If you are experiencing muscle weakness, get in touch with your doctor to determine the cause of symptoms. Anyone who experiences sudden, severe muscle weakness should seek urgent medical attention.

Causes

There are many different causes of muscle diseases. Genetics is one cause, which means the condition may be inherited or the result of a new genetic mutation in the individual affected. Some muscle diseases are autoimmune diseases, which results when a person’s immune system malfunctions and attacks its own healthy muscle tissues. Sometimes, the cause of the muscle disease is unknown. 

Additional causes of muscle diseases include: 

  • Overuse or injury of muscles
  • Some cancers
  • Infections
  • Nerve diseases
  • Medications

Regardless of the cause, most muscle diseases are incurable. However, treatment can manage a person’s symptoms and pain, help with maintaining mobility and improve quality of life. 

Diagnosis

Electromyography (EMG) is the most commonly used tool to diagnose muscle diseases. An EMG can look for neuromuscular abnormalities by measuring electrical activity in the muscles. It can diagnose a number of problems, including muscle disorders, nerve and motor problems, and degenerative diseases.

An EMG test involves using a thin needle called an electrode inserted into the skin and into muscle tissue. Once the needle is in place, you are asked to contract or relax muscles. The electrode will detect electrical activity and show results on a nearby monitor called an oscilloscope. A nerve conduction velocity test may be done with an EMG in order to determine whether the cause of symptoms is muscle disease or a nerve disorder.

If your doctor suspects you have a muscle disease, a muscle strength exam may be done to determine whether muscle weakness or other muscle problems exist. 

Additional testing that may be done includes:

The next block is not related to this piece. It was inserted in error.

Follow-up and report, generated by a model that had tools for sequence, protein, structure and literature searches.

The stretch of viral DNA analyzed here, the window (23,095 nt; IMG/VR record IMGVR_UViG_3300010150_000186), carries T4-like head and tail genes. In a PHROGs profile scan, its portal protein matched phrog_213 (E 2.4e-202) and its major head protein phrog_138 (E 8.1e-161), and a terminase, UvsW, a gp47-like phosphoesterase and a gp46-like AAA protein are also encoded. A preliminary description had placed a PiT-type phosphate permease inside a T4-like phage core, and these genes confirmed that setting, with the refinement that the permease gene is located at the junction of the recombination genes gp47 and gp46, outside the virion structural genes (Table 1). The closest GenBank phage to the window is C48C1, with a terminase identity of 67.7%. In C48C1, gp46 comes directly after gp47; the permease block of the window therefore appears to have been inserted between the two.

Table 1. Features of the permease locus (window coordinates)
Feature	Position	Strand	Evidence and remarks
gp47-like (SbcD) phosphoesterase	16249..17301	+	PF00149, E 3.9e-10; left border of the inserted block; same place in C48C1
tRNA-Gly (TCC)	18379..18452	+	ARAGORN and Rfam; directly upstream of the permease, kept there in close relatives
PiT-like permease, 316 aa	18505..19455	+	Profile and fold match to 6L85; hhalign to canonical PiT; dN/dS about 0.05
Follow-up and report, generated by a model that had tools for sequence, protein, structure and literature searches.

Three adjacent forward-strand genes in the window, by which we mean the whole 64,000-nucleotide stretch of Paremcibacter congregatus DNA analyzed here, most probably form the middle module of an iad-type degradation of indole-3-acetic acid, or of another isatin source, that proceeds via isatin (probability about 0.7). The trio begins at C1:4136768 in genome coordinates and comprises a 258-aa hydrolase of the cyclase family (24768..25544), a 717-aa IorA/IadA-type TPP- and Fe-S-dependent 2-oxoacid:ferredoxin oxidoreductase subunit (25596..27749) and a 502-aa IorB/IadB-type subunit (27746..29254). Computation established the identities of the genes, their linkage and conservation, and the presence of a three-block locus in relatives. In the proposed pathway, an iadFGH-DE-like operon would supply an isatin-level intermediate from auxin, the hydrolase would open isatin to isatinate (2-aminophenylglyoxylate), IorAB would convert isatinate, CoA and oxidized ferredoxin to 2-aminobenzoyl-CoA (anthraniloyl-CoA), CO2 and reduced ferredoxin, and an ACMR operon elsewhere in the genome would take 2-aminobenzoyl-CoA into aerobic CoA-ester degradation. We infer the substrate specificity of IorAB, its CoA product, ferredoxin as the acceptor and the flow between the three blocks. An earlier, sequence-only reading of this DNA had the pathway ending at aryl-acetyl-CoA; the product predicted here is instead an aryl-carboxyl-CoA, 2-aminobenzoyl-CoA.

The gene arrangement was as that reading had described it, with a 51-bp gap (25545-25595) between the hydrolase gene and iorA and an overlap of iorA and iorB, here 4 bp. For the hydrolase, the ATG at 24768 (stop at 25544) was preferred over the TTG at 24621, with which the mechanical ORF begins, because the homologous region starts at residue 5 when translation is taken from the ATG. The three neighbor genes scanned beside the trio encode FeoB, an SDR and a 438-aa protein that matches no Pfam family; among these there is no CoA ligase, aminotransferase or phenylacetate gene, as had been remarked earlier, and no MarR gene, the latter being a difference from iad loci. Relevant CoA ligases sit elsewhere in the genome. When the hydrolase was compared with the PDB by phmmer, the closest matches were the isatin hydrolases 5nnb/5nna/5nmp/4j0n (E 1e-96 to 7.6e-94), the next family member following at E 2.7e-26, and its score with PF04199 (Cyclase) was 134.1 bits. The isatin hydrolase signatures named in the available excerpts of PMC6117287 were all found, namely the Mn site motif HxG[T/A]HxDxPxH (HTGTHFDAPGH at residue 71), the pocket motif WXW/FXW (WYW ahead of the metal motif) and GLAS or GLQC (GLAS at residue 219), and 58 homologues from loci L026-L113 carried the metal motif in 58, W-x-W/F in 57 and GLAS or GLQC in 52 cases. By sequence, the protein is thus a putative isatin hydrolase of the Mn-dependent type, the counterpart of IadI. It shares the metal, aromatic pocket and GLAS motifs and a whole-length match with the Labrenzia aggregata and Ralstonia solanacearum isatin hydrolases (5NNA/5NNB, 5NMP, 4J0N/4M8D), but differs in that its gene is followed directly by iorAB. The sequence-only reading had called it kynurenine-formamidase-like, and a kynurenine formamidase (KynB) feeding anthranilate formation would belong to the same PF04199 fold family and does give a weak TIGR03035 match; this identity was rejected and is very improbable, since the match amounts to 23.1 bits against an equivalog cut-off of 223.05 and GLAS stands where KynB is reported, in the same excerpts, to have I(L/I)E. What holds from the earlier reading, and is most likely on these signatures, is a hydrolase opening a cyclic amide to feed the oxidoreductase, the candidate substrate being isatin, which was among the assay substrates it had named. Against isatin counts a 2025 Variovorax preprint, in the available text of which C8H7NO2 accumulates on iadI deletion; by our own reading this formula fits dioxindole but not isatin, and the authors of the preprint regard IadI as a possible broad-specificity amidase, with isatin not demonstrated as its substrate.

• Blood testing for measuring specific muscle enzymes and antibodies that may be specific to one disorder or many
  • Muscle biopsy – a small sample of muscle simple is taken and sent for testing
  • Magnetic resonance imaging (MRI) to show areas of abnormal muscle

Treatment 

Most diseases of the muscular system are incurable, but they can be treated and managed. The goals of treatment for muscle diseases may include treating symptoms, delaying disease progression, and improving quality of life. 

Treatment may include drug therapy. A class of drugs known as immunosuppressants—drugs inhibit or prevent the overactivity of the immune system—can treat some muscle and nerve diseases, and conditions that affect both the nerves and muscles. Corticosteroids and other medications may be given for reducing muscle spasms and cramping.

Your doctor may also recommend physical and occupational therapy to manage symptoms, and surgery, if needed to correct muscle damage.

A Word From Verywell 

The outlook with most muscle diseases can be positive. In many cases, treatment can effectively manage most symptoms, including muscle pain and weakness. Your long-term outlook will depend on your condition and the effect it has on your muscle function. Talk to your doctor to learn more about your condition, helpful treatments, and your outlook.

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Article Sources